Two years ago, the American Medical Association reported that, although 25 hours of nutritional education are recommended for medical schools in the United States, only 27% of them actually offer that many. (The average is 19.6 hours, and most of the content concerns biochemistry, rather than practical food choices in everyday life.)
Some experts object because examinees for internal medicine certification are not asked a single question about nutrition. Cardiology as a specialty is no better, which is a shame because diet probably influences heart health. Some experts see this as an “educational void” and believe that better education in this area for medical professionals is key to the goal of changing trends on a societal scale.
Researchers who polled brand-new medical students discovered that:
71 percent think nutrition is clinically important. Upon graduation, however, fewer than half believe that nutrition is clinically relevant. Once in practice, fewer than 14 percent of physicians believe they were adequately trained in nutritional counselling.
There is a new trend toward involving medical students in actual kitchen-level food preparation involvement, and investigating local food availability conditions, so forth, which is all to the good.
These suggestions were made by the authors of the same Academic Medicine report. First, the students should take courses in nutrition, exercise, stress management, and sleep hygiene — all of which they will need for their own self-care, as well as to benefit their patients. Exams that lead to special certifications are proposed.
Different institutions come up with different ideas. The Tulane University School of Medicine, for instance, offers “clinical rotation at a professional cooking school.” One suggestion carries extra weight, in light of the bad publicity hospitals have endured because of unpopular affiliations with fast-food empires:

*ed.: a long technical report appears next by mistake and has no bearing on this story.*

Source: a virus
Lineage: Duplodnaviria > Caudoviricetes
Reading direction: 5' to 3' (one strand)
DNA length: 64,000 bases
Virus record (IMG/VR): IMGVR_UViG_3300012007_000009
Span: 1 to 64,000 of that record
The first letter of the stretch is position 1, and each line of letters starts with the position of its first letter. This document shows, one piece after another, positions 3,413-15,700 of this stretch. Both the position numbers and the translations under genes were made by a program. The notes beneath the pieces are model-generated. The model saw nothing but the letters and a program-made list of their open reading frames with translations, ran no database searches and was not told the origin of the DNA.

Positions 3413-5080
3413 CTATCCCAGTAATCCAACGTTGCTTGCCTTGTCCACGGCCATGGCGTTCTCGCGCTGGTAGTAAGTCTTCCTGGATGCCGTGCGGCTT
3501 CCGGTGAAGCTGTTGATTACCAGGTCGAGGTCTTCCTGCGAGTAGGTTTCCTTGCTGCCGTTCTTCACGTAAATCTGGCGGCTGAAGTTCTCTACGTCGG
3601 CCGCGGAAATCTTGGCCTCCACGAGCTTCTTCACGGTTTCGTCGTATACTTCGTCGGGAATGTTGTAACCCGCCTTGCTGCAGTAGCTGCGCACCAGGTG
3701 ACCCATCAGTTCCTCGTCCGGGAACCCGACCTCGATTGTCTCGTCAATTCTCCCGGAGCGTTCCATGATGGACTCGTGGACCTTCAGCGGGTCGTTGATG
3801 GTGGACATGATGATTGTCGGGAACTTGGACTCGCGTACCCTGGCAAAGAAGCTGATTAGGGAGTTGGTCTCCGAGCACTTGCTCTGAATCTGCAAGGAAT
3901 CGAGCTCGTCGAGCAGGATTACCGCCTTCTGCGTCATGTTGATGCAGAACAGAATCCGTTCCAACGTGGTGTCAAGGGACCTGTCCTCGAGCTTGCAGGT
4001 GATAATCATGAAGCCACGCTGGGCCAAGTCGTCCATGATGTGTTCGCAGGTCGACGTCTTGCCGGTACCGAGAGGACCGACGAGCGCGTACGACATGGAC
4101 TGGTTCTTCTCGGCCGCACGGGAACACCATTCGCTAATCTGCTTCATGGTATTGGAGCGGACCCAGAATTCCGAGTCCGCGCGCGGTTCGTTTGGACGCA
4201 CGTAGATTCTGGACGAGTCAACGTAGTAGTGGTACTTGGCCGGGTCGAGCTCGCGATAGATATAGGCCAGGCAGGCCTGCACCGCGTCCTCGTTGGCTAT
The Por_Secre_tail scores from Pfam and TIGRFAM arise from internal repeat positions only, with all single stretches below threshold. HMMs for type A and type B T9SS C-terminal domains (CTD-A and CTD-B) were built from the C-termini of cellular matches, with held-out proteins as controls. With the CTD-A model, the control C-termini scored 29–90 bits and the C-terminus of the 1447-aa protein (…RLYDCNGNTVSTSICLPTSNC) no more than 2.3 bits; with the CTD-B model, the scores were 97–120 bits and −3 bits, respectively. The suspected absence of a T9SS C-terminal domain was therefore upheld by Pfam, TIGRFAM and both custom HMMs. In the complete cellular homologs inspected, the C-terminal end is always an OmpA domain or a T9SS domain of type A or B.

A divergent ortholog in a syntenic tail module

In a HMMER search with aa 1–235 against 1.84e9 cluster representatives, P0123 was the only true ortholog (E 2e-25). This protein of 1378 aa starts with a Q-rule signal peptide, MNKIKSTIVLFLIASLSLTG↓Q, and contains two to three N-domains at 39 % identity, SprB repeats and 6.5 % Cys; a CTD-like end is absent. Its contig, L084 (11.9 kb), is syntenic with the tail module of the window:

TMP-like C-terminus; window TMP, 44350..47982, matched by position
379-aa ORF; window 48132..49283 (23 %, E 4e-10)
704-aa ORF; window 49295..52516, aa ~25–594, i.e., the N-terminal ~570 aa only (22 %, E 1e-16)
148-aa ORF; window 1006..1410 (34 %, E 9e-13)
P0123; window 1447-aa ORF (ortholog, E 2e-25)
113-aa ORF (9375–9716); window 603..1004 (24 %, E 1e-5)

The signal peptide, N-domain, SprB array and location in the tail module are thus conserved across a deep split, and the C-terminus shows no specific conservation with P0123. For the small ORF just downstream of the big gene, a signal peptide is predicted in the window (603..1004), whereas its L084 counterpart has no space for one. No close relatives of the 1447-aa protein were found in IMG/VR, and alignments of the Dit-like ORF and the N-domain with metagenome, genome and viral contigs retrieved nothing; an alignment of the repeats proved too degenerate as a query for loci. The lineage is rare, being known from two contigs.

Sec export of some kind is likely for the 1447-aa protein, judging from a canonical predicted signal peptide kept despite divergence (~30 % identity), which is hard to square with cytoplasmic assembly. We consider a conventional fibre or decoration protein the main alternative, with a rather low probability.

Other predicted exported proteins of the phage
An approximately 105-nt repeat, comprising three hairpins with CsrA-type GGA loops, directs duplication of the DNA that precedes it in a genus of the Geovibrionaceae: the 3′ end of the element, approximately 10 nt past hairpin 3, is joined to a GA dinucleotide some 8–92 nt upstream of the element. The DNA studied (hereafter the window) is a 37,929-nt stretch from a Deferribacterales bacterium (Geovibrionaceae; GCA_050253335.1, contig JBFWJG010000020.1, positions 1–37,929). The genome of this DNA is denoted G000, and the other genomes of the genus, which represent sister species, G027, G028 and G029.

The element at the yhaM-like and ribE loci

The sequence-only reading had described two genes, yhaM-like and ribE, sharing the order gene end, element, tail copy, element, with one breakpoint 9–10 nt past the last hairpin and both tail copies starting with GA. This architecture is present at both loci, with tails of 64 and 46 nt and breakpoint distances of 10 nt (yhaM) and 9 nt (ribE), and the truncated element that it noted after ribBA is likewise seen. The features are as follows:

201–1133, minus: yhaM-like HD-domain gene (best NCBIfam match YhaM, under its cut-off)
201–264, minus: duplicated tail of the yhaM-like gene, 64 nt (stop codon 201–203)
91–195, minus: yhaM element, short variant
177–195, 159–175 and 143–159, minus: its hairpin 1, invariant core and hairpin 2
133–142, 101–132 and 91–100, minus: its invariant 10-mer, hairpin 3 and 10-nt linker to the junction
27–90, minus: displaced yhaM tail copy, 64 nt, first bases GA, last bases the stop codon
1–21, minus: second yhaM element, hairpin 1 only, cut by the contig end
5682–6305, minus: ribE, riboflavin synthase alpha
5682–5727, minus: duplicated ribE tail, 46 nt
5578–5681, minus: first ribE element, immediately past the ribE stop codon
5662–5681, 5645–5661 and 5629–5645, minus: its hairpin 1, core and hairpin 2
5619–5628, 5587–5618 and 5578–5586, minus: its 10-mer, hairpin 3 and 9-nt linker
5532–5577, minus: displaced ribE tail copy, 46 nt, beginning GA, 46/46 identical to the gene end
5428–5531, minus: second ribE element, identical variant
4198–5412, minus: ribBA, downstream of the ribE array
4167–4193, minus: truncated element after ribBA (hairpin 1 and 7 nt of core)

Create “hospitals and ambulatory care venues with exceptional cafeterias, restaurants, teaching kitchens, and inpatient menus showcasing foods that are healthy, delicious, affordable and easy to make,” the authors said, noting that nutritious foods should replace their processed predecessors in hospital eateries.
Because doctors are such highly-regarded authority figures, one last recommendation is very important, and that is to lead by modeling the desired behavior. In the anti-smoking movement, many physicians and other health professionals realized the importance of setting a good example. The fact that they quit smoking served as a catalyst for at least some patients, which can also be effective in the area of weight management.
Dr. Dyan Hes wrote:
Great strides are being made in the United States to try to educate physicians about preventive medicine — to talk your patients and their families about healthy nutrition at each visit in order to prevent them from becoming obese.
Your responses and feedback are welcome!
Source: “What’s at stake in nutrition education during med school,” AMA-Assn.org, 07/23/2015
Source: “8 ways med schools can take nutrition from classroom to kitchen,” AMA-Assn.org, 08/06/15
Source: “What I Wish Everyone Knew About Childhood Obesity: A Pediatrician Explains,” MindBodyGreen.com, 03/24/14
Photo credit: sylvar via Visualhunt/CC BY